It certainly hasn’t looked perfect at times, but Notre Dame has put together an impressive passing offense so far this season. Tommy Rees has recorded three consecutive 300-yard games after reaching the mark only twice in his career before 2013. Senior tri-captain TJ Jones and junior DaVaris Daniels have both shown themselves capable of serving as the main targets this year, while freshman receiver Corey Robinson and junior tight end Troy Niklas bring much-needed size and power to the unit.
Meanwhile, Michigan State leads the nation in both total defense and pass efficiency defense, allowing 177.0 yards-per-game and attaining a 68.14 rating, respectively. The Spartans also rank fifth in the nation in pass defense, having surrendered only 126.7 yards-per-game. They have also shown big-play ability, totaling 83 return yards following four interceptions – two of which went the other way for touchdowns. Spartans sophomore defensive end Shilique Carter has one of those touchdown returns following an interception, and has added two more defensive touchdowns following fumble recoveries. Carter also anchors the Michigan State front, having recorded two sacks and eight quarterback hurries this year. Even if Notre Dame can keep Rees off his back, he will have to be careful to keep the ball out of the ready hands of Spartan defenders and count on Daniels and Jones to make plays down the field.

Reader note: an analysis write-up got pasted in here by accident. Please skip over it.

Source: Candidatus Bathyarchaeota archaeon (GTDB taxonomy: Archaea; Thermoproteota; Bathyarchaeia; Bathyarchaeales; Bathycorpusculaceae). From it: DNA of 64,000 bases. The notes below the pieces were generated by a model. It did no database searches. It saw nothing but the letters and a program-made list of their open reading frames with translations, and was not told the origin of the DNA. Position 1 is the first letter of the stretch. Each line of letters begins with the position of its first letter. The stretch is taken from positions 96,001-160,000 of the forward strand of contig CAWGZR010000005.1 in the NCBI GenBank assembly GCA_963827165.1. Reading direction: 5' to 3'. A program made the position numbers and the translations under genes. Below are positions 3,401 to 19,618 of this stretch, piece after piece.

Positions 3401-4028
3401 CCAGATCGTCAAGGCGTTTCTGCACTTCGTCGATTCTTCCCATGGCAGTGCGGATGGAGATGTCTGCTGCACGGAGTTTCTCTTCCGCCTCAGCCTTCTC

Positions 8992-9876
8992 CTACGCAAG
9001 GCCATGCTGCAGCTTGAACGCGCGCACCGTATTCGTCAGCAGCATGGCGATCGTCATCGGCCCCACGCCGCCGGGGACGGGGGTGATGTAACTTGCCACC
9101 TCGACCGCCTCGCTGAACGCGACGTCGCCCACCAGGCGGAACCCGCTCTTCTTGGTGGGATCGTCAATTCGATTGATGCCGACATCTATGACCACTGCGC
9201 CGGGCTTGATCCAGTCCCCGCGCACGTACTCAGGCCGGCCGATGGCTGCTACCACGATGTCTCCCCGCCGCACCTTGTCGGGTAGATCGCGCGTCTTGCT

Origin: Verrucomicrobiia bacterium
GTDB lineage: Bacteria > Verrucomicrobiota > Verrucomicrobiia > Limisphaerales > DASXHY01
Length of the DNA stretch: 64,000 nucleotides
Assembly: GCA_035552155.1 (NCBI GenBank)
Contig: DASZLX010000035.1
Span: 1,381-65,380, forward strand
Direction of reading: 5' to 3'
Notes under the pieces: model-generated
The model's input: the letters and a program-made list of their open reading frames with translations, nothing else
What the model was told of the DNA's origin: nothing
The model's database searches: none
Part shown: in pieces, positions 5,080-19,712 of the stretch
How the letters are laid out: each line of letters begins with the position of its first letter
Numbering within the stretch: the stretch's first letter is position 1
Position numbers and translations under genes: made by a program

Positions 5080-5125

Michigan State ranks fourth in the nation in rush defense, allowing only 50.3 yards per game on the ground. Notre Dame has not shown itself to be a significant threat running the ball yet this season, even with a backfield that goes five deep in theory. Irish junior running back Cam McDaniel brought a power dimension to the running game against Purdue that had been lacking, but Amir Carlisle turned in a dud following what seemed to be his breakout game against Michigan. Junior George Atkinson, still atop the Irish depth chart at the running back position, has struggled to find a groove so far this year. He has averaged 5.4 yards-per-carry, but has only carried the ball 18 times.